Friday, May 16, 2008

Those people seem to be especially pious

In a couple of American op-ed articles the claim has been made that Barack Obama should not be viewed as a potential American leader who can reach out to the Muslim world, just because his father was a Muslim. In fact, say these pundits (no compliment here), Obama as president would be a complicating factor in American foreign policy: he would be regarded as an apostate and therefore subject to prosecution and the death penalty for apostasy. Edward Luttwack, a longtime purveyor of specious generalizations on very complex subjects (Roman military policy for instance), says for instance:

Because no government is likely to allow the prosecution of a President Obama — not even those of Iran and Saudi Arabia, the only two countries where Islamic religious courts dominate over secular law — another provision of Muslim law is perhaps more relevant: it prohibits punishment for any Muslim who kills any apostate, and effectively prohibits interference with such a killing.

At the very least, that would complicate the security planning of state visits by President Obama to Muslim countries, because the very act of protecting him would be sinful for Islamic security guards. More broadly, most citizens of the Islamic world would be horrified by the fact of Senator Obama’s conversion to Christianity once it became widely known — as it would, no doubt, should he win the White House. This would compromise the ability of governments in Muslim nations to cooperate with the United States in the fight against terrorism, as well as American efforts to export democracy and human rights abroad.

This is nonsense, as Juan Cole, a real expert in Shiite Islam, points out on his website Informed Comment. His commentary is well worth looking at.

Cole's discussion raised another point which has often occurred to me but which seldom seems to enter into intellectual discourse, whether it's about current events or historical phenomena. Cole says:
Another error is to see persons of Muslim heritage as necessarily religious. Frankly, most Muslims nowadays don't pay any attention to those kinds of minutiae.
That line reminded me of a conversation with a friend a long time ago. I had grown up in an area where Protestants were the majority but there was a large minority of Catholics. Catholics were regarded as being unusually pious. After all, they went to Mass every Sunday, had their own version of the Lord's Prayer which they insisted upon, and sent their kids to Catholic schools -- except of course when it was too expensive or inconvenient. My friend had grown up in a Catholic-majority area, where being a Catholic was pretty important to local identity, but it was the minority Protestants who were thought to be pious, since they seemed to be the ones going to church on regular basis, not the Catholics, who were just baptized and married in church.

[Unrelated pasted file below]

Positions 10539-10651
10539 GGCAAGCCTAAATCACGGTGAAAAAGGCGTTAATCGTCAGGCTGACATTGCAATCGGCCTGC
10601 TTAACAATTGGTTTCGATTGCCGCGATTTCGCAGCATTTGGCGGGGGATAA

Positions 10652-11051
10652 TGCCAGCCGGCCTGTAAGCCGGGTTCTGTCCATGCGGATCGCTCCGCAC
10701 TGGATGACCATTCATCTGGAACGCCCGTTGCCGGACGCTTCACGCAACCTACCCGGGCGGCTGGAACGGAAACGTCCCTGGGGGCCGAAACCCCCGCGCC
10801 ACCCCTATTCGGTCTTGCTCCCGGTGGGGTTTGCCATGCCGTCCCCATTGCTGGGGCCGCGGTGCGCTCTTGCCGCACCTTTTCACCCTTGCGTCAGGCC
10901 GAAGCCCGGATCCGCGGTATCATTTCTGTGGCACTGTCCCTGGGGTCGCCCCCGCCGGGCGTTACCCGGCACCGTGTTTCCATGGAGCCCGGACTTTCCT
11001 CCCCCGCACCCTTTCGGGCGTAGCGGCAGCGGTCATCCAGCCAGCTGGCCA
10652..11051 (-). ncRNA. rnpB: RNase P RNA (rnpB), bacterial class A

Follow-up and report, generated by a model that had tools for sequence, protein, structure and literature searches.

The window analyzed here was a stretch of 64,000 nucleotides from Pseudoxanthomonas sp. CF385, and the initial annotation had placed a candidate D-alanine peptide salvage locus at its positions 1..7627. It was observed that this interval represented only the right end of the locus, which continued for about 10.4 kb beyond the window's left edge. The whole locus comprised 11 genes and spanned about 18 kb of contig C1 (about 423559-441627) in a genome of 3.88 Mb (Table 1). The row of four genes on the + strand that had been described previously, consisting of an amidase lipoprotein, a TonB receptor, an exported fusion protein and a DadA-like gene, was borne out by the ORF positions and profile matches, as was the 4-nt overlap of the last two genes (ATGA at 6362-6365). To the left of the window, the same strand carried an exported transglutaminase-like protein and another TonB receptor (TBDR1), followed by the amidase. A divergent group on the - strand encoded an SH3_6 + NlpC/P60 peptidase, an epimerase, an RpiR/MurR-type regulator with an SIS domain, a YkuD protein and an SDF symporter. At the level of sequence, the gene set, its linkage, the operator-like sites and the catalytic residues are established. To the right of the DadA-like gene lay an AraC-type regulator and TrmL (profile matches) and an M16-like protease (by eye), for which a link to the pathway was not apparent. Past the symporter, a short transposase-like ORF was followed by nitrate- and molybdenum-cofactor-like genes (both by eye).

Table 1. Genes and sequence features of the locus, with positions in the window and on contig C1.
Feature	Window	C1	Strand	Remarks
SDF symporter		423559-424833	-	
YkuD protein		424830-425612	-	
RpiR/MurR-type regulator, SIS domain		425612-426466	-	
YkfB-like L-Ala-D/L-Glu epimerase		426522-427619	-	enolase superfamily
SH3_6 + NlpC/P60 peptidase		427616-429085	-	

Reading a short general description of what North American Catholics and Protestants were supposed to believe would do nothing to reveal the realities we had grown up with.

Educated people who want to be well informed often fall into a trap simply because they are open-minded and when studying religion that is not familiar to them, go to the library and pick up a book by a member of that religion, usually a member of the clergy or an academic theologian. Those people, however honest and outreaching they are, will probably give their readers what they consider the right slant, but a narrow one, on a very varied tradition, mostly followed -- or not -- by people who have never been to theological school and never considered entering the clergy for a second.

About 15 years ago I read a book on the history of Buddhism -- unfortunately I can't remember its name -- which tried to give the basic facts in about 200 pages. I came away from it very impressed by the variety of that tradition. In fact, I realized a general truth. Any big-time religion must contain a tremendous variety within it or it would never have become a big-time religion in the first place.

This insight, if accepted, should be especially useful for my students in the Crusade and Jihad class. Just because someone is labeled a Muslim or Christian, don't leap to assume that you know what that means for their social and political attitudes and priorities. Look and see what they really were, if the sources allow. Maybe some of the people you are studying weren't unusually pious after all.

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1 Comments:

Blogger Matthew Gabriele said...

I like the Templar of Tyre's description of the Fall of Acre for just this reason. Look at how he lambastes the "troublemaking" Christians from Europe, who come in and harass the local Muslims, giving the sultan a reason to attack.

There's also a strong suggestion that Ibn Shadadd (in his _Rare & Excellent History of Saladin_) doth protest too much about Saladin's piety, and devotion to jihad.

Anyway, spot on, Prof. Muhlberger.

3:17 PM  

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